Comic books are an enjoyable form of leisure and entertainment, and, as we discuss on our podcast and this blog, they are an effective form of dispensing knowledge. But the process of creating comics is proving to be a therapeutic form of self-expression as well.
A program in Vermont is helping veterans create comics to process the trauma of war. The local VA medical center in White River Junction has partnered with the Center for Cartoon Studies to offer classes and seminars on comics creation. At least one vet is saying the program is helping her move away forward.
“It was scary to put myself out there, because I was vulnerable,” Frazzetta told NECN. “But it definitely helped me move past that moment in time, where I could go on and look to the future, and not be so stuck with the war.”
In Canada, comic book artists are teaming up with Syrian refugees to tell their stories in graphic art form. The project hopes to educate the public as well as provide an outlet for refugees. Mohammed Alsaleh is one such refugee. He was studying medicine when the Arab Spring broke out in 2011. He was arrested for filming the pro-democracy protests in Syria.
“I think it’s very important to, you know, share my story, other immigrants to share their stories as well,” Mohammed Alsaleh told PBS News Hour. “In order to demonstrate we have this beautiful place because we welcome others, because we are the positive example in a — in a very bad world.”
In Philadelphia, a free class for Mexican immigrants is helping children address their fears through the comics medium. The kids report they sleep better and are less afraid after attending the two hour workshop. NPR produced an excellent video on the program, embedded below:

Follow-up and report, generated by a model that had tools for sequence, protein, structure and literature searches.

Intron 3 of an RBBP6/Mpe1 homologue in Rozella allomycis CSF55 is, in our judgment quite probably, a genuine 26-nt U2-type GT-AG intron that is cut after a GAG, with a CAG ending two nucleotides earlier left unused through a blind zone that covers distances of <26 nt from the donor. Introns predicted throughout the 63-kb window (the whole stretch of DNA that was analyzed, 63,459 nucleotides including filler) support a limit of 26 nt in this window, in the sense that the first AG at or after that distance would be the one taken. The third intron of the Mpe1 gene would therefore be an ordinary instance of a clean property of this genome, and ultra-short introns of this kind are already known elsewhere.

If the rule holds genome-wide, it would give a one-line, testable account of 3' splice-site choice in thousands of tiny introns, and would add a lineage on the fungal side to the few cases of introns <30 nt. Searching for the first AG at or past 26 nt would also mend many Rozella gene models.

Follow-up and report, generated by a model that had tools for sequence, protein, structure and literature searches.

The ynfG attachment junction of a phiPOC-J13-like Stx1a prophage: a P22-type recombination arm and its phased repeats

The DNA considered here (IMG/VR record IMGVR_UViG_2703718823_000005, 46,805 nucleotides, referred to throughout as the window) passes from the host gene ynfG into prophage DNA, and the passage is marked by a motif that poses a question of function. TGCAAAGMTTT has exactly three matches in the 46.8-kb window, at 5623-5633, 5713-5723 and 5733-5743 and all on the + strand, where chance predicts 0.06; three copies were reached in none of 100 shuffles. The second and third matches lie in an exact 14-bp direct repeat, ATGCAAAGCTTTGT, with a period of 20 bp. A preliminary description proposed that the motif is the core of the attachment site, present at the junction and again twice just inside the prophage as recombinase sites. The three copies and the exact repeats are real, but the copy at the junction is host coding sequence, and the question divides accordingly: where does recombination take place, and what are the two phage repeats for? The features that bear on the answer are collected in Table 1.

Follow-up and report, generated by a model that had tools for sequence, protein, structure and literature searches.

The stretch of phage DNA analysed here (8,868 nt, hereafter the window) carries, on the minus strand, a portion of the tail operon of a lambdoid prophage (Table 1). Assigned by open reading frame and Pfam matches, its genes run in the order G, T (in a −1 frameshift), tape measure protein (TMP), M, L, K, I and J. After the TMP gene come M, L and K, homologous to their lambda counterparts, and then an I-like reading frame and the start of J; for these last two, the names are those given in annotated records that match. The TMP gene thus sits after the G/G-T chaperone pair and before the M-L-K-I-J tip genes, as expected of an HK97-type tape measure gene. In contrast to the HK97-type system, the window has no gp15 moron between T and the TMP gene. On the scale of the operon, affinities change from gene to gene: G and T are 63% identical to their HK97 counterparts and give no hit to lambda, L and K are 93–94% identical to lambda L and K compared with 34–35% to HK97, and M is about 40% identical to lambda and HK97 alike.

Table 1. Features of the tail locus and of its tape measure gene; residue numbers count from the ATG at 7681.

Graham Shaw teaches people who have suffered a stroke how to draw. Sometimes, the patients are learning to draw with their previously non-dominant hand. He teaches them simple, cartoon-style drawings that can be used to depict people and even emotions. The act of drawing inspires confidence in patients who have suffered a great loss.
Cancer patients have also taken to comics to help handle the stress of their illness. Teva Harrison told the story of her breast cancer diagnosis in her memoir In Between Days.
“I started drawing to deal with the depression,” Harrison told The Globe and Mail. “On focusing on something in front of me, and drawing my experience of living with cancer and new experiences related to being sick.”
Creating comics is not just a stress release, but also a distraction from the intensity of a cancer patient’s current hardship. Matt Freedman reflected on pre-cancerous events in his book Relatively Indolent But Relentless: A Cancer Treatment Journal in order to provide context, but the process offered relief as well.
“Often in the book when I leave the narrative to recount personal memories it is because I want to give some context to the story of treatment,” Freedman told The Atlantic. “Often, though, it was a relief to escape from the present into an old story, so the line between the calculated and the spontaneous is blurry and was crossed many times in both directions.”
There’s even a clinical trial being conducted on comics creation as art therapy for cancer patients and caregivers. It’s a small study, so I’m rooting for it to be successful enough to encourage larger studies after completion.
In the meantime, anecdotes suggest that comics creation can be a worthwhile form of art therapy. If you’d like to try it for yourself, check out a class or workshop locally or at a comic convention. Also, consult with a mental health professional to see if this is a process that could be good for you.